Don’t leave the umbrella at home, but a local financial sector leader said the economic forecast for this year appears to be clear skies.
Backing that up is federal data showcasing economic growth coming into the year, despite questions about whether a recession is on the horizon. The U.S. Department of Commerce reported earlier this week that gross domestic product rose at a better-than-anticipated 2.9% annual rate through the final months of last year.
Christopher Maher, CEO of OceanFirst Bank, said that’s just one of the reasons to be cautiously optimistic — a phrase economic prognosticators have thriftily reused about markets in recent years — about the economic forecast for 2023.
He admits there have been some blemishes to start the year, between widespread layoffs in the tech sector and a stubbornly persistent inflationary environment. There could be a slow first half to 2023 as a result of that and other trends.
“But, I think you’ll see a return to more of a growth pace by the end of the year,” Maher said. “We may have the opportunity for rates to be in a better position then. And the mortgage market may come back.
“Obviously, the growth will be at a slower pace than last year, but we expect a healthy economy for the full year.”
After inflation gauges hit alarming highs in the summer of last year, the latest federal data suggests inflation could be moving lower. Maher values that downward trend highly, even if the overall level of inflation remains at levels that particularly affect the finances of low- and moderate-income families.
And it’s for that reason that he said continuing to keep inflation in check from a policy perspective will remain important.
“We’re moving in the right direction,” he said. “We’re encouraged to see the cost of goods coming down. Supply chains are coming back to a more normal place, even if it’s not normal still. And we’re watching closely to see if the services economy (bounces back) as well.”
The labor market is also going to determine how shallow or deep the impact of a recession will be. Given what he’s currently seeing, Maher doesn’t fret much about a recession this year.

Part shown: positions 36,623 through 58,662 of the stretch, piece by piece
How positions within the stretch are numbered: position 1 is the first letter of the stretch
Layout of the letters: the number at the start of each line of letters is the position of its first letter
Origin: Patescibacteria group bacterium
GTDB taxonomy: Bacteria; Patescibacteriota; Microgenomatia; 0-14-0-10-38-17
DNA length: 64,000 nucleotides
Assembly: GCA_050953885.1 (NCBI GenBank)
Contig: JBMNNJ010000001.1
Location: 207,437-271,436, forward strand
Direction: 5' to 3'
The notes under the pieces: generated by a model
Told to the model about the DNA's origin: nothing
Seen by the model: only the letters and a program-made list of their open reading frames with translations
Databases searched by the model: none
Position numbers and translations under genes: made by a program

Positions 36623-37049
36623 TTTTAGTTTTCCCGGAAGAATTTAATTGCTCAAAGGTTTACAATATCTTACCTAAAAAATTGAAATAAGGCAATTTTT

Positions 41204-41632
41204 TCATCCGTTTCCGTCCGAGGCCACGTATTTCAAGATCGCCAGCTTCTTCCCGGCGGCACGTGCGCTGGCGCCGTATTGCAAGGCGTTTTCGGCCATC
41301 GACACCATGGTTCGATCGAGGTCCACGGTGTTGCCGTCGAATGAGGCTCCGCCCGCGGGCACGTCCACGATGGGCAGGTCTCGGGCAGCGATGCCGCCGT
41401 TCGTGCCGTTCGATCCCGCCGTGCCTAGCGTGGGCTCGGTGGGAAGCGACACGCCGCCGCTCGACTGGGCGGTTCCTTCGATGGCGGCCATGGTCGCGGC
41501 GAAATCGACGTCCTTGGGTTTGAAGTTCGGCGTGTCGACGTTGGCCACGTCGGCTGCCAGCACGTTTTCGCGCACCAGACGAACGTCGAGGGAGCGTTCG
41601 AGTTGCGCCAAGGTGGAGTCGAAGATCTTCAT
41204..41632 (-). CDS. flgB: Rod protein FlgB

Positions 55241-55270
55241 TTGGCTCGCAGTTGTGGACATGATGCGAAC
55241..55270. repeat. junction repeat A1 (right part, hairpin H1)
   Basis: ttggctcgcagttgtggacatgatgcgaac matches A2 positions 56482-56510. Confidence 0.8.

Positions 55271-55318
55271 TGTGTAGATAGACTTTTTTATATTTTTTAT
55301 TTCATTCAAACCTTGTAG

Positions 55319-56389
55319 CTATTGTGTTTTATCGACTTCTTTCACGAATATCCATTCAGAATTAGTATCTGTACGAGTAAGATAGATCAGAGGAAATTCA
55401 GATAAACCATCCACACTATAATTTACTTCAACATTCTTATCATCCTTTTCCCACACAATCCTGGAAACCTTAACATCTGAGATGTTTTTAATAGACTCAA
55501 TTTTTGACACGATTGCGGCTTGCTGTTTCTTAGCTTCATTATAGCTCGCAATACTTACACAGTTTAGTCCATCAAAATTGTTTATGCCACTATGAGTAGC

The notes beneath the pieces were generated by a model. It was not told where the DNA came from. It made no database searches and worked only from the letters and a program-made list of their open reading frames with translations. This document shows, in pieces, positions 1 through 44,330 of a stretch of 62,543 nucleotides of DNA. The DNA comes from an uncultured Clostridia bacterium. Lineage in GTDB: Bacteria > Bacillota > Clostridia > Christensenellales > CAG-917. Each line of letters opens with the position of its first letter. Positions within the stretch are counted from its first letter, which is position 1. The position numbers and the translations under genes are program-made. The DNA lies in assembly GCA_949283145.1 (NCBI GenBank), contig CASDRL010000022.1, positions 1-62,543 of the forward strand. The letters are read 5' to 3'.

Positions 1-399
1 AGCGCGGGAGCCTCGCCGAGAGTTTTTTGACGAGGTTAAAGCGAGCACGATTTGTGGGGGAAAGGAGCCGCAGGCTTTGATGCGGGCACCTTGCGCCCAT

“While there have been a lot of high-profile layoffs mentioned, at companies such as Microsoft, if you look at layoff announcements, the aggregate number in the U.S. economy is running a little lower than the normal trend,” he said.
Maher expects employers this year to be hesitant to abandon too much talent after the difficulties many of them encountered last year in tracking down job candidates. Unemployment remaining under 4% in the latest national updates provides him confidence in the short term, even if Maher noted that temporary work hours — an early indicator of pullbacks in employment — are down.
From the perspective of OceanFirst Bank, Maher said the bank has scarcely, if ever, posted better credit risk numbers than it did in its last quarter’s earnings report. Nonperforming assets are declining. All of the statistics tied to its commercial base are positive.
In New Jersey, the traditional industry areas of strength — namely, logistics and life sciences — are prepared for booming business this year after some enormous investment last year, he added. The promise of a new film sector opportunity with Netflix opening a studio in Monmouth County adds to the state’s future prospects.
“The other thing we’ll be watching this year is New Jersey’s real estate market,” he said. “For now, it’s stable. That might be hard to reconcile because the unit number of transactions has slowed down over the past year. But there’s also just not a lot of inventory … and what there is, is moving quickly. And the prices are up 6% year-over-year. While there’s work to do around the affordability of housing, that number is healthy. It’s also not an indicator of a coming severe economic downturn.”